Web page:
James Madison Papers

To James Madison from Camillus M. Mann, 19 December 1813

From Camillus M. Mann

Baltimore December 19. 1813
13 Baltimore Street


You will I hope in the present conjuncture be pleased, magnanimously to attribute to my right motive, namely my attachment to the interests of freedom of the nation and our republican institutions as well as a very deep reverence for your eminent mental qualities, and policy in the most trying times this country has witnessed since the revolution if, waving forms of which I have not knowledge I break from retirement to address you upon a subject the most of all actually momentous and upon which I have acquired by the best means information that is tested, positive, practical and can be depended on. If disgusted with the contradictions of politics, and being a soldier only from principle, I have wrapped myself round with the mantle of obscurity, and retired from the fields of strife as consistently as from military glorious circumstance, it has been to preserve principle within the outguard of my advancing knowledge of mens minds, and in my retirement to escape the shafts of malignity and its thorns.

The land military force of our confederated country is not commensurate with the emergency. This is acknowledged, avowed, known now, at home, after an experience which has in the execution of details defeated plans which were dictated by wisdom in the whole. The militia is, as it is at present constituted, declared, on official authorities, to be inefficient. The enemy know all this. France too knows all this. And they know it long. And they calculate, have acted, and act accordingly. The collision between the army proper, and the actual militia, is injurious to the Union. These two descriptions of force—for, troops one of them cannot be called—are not suited to act together. The insubordinate independence of the militia is galling, perplexing, and of bad example to troops compelled by the severities of stricter regulations. Nor can a militia such collectively as ours is now, be expected long to endure any of the fatigues or hard cuttings of war with contentment, any more than to march out of their state with true good will in the face of an enemy or otherwise.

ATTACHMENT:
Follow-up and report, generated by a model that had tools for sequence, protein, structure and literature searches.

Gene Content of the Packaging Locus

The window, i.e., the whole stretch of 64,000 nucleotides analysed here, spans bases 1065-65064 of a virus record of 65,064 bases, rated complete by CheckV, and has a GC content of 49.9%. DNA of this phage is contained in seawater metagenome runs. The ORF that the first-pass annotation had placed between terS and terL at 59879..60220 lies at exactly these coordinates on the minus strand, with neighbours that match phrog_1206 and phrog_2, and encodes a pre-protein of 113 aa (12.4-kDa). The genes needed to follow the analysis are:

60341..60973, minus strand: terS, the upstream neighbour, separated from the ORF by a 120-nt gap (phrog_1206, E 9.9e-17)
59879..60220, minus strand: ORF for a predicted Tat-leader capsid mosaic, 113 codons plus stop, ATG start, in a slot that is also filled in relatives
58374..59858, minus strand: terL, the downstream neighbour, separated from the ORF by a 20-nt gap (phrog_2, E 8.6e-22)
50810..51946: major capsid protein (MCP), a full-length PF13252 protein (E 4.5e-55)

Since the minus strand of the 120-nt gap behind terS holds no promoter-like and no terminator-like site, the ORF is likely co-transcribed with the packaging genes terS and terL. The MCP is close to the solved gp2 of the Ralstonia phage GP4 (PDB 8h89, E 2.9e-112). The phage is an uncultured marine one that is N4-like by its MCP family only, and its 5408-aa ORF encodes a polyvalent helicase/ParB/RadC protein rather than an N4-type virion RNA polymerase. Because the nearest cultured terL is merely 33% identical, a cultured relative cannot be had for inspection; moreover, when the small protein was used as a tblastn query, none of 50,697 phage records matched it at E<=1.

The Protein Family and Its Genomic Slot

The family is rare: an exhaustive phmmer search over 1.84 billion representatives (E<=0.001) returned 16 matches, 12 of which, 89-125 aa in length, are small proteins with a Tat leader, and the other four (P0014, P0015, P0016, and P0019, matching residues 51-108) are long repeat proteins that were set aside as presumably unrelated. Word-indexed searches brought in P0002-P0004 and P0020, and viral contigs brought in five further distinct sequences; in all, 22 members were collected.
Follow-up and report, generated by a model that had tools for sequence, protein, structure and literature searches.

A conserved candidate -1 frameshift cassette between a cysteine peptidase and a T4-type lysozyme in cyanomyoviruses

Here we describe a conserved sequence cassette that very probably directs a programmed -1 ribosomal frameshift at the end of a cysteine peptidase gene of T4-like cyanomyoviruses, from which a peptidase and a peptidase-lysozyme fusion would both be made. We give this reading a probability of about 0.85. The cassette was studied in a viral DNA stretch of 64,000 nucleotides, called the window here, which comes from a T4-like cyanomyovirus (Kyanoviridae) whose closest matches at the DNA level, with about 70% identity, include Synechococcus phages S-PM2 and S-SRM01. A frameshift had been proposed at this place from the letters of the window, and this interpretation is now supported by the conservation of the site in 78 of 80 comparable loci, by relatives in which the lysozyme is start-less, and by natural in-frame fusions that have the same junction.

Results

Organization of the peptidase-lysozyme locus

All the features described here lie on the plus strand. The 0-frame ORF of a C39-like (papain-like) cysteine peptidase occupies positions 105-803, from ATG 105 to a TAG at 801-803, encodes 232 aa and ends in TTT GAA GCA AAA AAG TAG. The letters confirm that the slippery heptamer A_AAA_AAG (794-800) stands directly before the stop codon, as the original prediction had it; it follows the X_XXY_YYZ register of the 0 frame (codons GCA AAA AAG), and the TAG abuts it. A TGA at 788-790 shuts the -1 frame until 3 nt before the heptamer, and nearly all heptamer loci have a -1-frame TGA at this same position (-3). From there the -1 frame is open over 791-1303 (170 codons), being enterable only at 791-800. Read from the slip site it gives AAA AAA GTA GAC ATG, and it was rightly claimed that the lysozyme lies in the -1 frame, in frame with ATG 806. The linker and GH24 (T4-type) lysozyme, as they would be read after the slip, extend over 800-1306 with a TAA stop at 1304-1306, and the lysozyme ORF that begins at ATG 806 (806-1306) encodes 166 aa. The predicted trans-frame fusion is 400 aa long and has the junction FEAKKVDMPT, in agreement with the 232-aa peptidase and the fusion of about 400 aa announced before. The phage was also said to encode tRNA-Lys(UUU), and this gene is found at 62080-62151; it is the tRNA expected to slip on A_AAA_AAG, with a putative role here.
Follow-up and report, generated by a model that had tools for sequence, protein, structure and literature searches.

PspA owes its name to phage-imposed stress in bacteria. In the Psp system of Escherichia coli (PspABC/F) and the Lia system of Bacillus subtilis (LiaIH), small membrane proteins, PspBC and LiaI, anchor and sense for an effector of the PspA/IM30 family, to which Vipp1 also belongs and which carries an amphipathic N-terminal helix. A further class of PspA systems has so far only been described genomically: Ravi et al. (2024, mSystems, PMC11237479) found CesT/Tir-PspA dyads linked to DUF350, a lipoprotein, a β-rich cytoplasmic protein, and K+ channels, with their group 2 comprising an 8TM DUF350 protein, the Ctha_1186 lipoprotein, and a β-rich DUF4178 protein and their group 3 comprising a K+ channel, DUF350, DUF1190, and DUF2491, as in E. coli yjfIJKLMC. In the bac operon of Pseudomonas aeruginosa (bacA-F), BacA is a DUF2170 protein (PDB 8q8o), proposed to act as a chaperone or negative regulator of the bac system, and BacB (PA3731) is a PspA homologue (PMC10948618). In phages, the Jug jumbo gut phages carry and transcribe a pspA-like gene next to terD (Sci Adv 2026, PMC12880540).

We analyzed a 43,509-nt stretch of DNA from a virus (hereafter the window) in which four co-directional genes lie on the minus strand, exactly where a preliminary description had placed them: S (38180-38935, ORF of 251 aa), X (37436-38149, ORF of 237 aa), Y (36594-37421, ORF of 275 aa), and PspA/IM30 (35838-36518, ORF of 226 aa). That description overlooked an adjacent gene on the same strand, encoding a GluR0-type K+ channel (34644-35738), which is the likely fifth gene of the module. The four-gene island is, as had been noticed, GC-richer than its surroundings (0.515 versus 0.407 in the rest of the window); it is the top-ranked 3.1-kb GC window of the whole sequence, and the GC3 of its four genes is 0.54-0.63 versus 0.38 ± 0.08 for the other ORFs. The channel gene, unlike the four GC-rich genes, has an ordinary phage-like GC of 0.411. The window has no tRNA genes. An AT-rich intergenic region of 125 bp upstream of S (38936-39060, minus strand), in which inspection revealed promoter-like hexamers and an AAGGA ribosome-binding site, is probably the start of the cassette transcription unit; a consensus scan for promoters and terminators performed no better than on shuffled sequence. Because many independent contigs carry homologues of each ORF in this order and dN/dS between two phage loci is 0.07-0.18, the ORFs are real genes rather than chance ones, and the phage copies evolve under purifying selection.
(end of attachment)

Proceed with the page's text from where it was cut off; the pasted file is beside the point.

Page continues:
They have their business to mind, their bargains, and their wives, and their politics, and their judging, prejudging and censuring their chiefs, which will never do in an army. Besides, their habits in other respects are contrary to the soldierly spirit, which is as proud as free from giving an insult, obedient, cheerful in hardships, good humoured under command, ambitious of promotion through danger and perseverance, firm in vicissitudes, and loving the profession for its vicissitudes, its dangers, its contrasts of toil and triumph. Such a description of armament as a militia of all the people indiscriminately was never yet efficient in an enemy’s country and cannot be. A distinct knowledge of such universal bans is not confined to our confederation only. This muster of all classes, the young and the elder, the poor and the rich, the sound and the infirm, the industrious and the idle, the timid and the courageous, is the garde nationale of France, the Land-Sturm of the German States, and the Levy in mass of Great Britain. Ours cannot be better disciplined than any of these, because their officers are appointed by their respective superior governments, by selection and evidence of devotedness and other qualifications. I will allow that our militia in the entire may be as well disciplined and rendered as efficient in every respect, and much more efficient in some respects, than the body of force of a corresponding description under the governments of the European countries; but it is desirable that the officers should feel themselves daring only against the enemy, and that they should not consider themselves safe or warranted in setting themselves in disobedience and contravention of the plans of the executive protecting government of the country. Then, although our levy in mass militia may not be useful to reduce enemies at a great distance from the frontiers of the United States, and although they will not be counted on for any such purpose in the plans of campaign of the government of the United States, they may be got to answer very good purposes notwithstanding. They would be terrible as an obstructing and harassing force under partisan leaders, and above all they would be truly terrible to an invading enemy.